General Manager Capt. John Falvey said despite a small decrease in funding, the total time in service for ships will actually increase by eight weeks.

``That gives us about 345.9 weeks, a little bit more, technically, than last year because of different ship configurations,'' Falvey said. ``Some ships are more expensive or not than others to run. So, it gives us a nice mix for the upcoming year.''

The marine highway faced a shutdown in April when a little-known budget provision diverted ferry funding to cover Medicaid program shortfalls.

But Gov. Bill Walker replaced that money in a supplemental budget request, which the Legislature approved.

The ferry Matanuska tied up this month for a full engine-and-drive-system replacement. The work will continue through half or more of the next budget year.

Falvey said its Prince Rupert sailings are being covered by a similar ferry, the Malaspina.

Spam recall

(AP) The U.S. Department of Agriculture is recalling more than 228,000 pounds of Spam and another product made by Minnesota-based Hormel after four consumers complained about metal objects in the food.

The USDA's Food Safety and Inspection Service says the canned chicken and pork in question was produced in February at the company's plant in Fremont, Nebraska. The agency says ``minor oral injuries'' have been reported.

The recall covers 12-ounce metal cans containing ``SPAM Classic'' with a ``Best By'' date of February 2021 date. Those products were shipped throughout the U.S.

The production codes are F020881, F020882, F020883, F020884, F020885, F020886, F020887, F020888 and F020889.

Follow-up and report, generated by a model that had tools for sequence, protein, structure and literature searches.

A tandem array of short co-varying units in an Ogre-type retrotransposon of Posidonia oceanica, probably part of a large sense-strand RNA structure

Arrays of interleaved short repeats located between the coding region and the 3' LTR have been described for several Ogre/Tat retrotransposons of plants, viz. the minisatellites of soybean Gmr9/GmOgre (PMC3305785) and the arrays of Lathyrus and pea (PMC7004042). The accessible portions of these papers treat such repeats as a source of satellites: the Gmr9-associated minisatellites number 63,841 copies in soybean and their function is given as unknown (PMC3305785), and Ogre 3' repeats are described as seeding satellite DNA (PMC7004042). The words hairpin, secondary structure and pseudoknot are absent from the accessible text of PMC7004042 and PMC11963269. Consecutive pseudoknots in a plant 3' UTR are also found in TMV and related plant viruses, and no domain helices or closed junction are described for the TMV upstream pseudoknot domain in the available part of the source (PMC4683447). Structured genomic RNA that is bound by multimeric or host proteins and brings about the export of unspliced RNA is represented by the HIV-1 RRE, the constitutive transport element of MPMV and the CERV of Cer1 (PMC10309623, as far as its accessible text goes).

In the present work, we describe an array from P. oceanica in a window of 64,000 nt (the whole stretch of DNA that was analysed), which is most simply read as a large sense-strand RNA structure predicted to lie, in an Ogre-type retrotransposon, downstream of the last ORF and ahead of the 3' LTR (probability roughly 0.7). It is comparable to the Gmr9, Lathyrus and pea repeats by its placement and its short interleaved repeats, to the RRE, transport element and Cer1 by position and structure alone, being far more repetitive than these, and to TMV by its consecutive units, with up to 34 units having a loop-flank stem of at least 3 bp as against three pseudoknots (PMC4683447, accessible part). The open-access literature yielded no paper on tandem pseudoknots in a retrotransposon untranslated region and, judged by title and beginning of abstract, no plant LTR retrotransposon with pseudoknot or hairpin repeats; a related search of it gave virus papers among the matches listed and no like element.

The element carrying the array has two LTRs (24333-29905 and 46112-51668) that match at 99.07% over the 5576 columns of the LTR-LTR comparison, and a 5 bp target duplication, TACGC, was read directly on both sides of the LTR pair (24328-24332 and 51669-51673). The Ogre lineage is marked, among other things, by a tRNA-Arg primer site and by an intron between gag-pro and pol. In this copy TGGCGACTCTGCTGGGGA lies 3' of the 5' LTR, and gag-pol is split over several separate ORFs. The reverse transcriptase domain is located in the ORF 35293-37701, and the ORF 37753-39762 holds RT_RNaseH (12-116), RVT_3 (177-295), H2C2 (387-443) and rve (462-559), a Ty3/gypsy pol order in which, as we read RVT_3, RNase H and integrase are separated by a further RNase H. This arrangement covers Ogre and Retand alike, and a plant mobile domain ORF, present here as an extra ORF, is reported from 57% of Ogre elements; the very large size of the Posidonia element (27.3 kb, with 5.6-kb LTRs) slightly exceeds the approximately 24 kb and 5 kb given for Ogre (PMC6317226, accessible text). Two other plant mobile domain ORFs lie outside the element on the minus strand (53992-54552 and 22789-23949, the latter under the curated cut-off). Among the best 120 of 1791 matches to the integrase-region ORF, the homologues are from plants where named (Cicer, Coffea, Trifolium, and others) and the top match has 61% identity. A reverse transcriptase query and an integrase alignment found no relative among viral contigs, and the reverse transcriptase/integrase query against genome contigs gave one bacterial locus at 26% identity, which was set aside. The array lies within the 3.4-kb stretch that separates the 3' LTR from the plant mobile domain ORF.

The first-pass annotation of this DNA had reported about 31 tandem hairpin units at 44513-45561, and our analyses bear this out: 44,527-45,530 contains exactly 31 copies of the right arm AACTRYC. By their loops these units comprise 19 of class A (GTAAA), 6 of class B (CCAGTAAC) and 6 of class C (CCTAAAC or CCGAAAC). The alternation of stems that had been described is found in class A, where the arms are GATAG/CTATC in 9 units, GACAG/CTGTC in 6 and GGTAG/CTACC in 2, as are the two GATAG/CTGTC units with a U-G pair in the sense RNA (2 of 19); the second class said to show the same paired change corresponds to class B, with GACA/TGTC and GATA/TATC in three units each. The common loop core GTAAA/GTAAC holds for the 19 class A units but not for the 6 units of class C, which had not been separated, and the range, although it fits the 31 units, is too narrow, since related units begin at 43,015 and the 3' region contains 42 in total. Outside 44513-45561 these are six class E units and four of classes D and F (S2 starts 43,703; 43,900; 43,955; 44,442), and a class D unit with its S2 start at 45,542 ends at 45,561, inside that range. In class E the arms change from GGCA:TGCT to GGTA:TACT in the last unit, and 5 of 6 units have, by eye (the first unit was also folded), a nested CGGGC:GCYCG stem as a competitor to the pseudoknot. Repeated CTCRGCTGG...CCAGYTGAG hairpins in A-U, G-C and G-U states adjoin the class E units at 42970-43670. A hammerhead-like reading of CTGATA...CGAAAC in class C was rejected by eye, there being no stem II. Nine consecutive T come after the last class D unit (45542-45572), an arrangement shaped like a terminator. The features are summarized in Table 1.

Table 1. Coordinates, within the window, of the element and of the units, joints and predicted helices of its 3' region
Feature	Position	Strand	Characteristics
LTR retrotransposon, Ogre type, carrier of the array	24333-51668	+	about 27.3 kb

The recall also includes 12-ounce metal cans of ``Hormel Foods Black-Label Luncheon Loaf'' with a ``Best By'' date of February 2021. Those products were shipped only to Guam, with production codes F02098 and F02108.

Emergency order

Tony Gorman photo

Chris Coleman, former US Army Seargent, was honored in Valdez last week during the town's annual Military Appreciation Day. Coleman served from 1979-1994 and was the recipient of two Purple Hearts and the Bronze Star with Valor. He received a ceremonial flag from Commander and Assistant Adjutant Brigadier General Joseph Streff of the Alaska National Guard.

(AP) A U.S. judge on Friday ordered Alaska corrections officials to provide Muslim inmates with nutritionally sufficient, pork-free meals when they break their Ramadan fasts at night.

U.S. District Judge H. Russel Holland said in a written order that fasting Muslim inmates must be given daily meals containing at least 2,600 calories during the religion's holy month of Ramadan, which began May 16 and is marked by fasting from dawn to sunset.

The Council on American-Islamic Relations Legal Defense Fund sued on behalf of two Muslim inmates this week, arguing that bagged meals the men received each evening range from about 500 to 1,100 calories, when they should be receiving 2,600 to 2,800 calories per day under federal health guidelines.

And some days the men held at the Anchorage Correctional Complex got bologna sandwiches believed to contain pork product that they cannot eat because of their faith, the lawsuit said.

An attorney for the state, Matthias Cicotte, said the prisoners were not deprived and pork wasn't being served at the jail.

The judge set a daily threshold of at least 2,600 calories in his emergency order.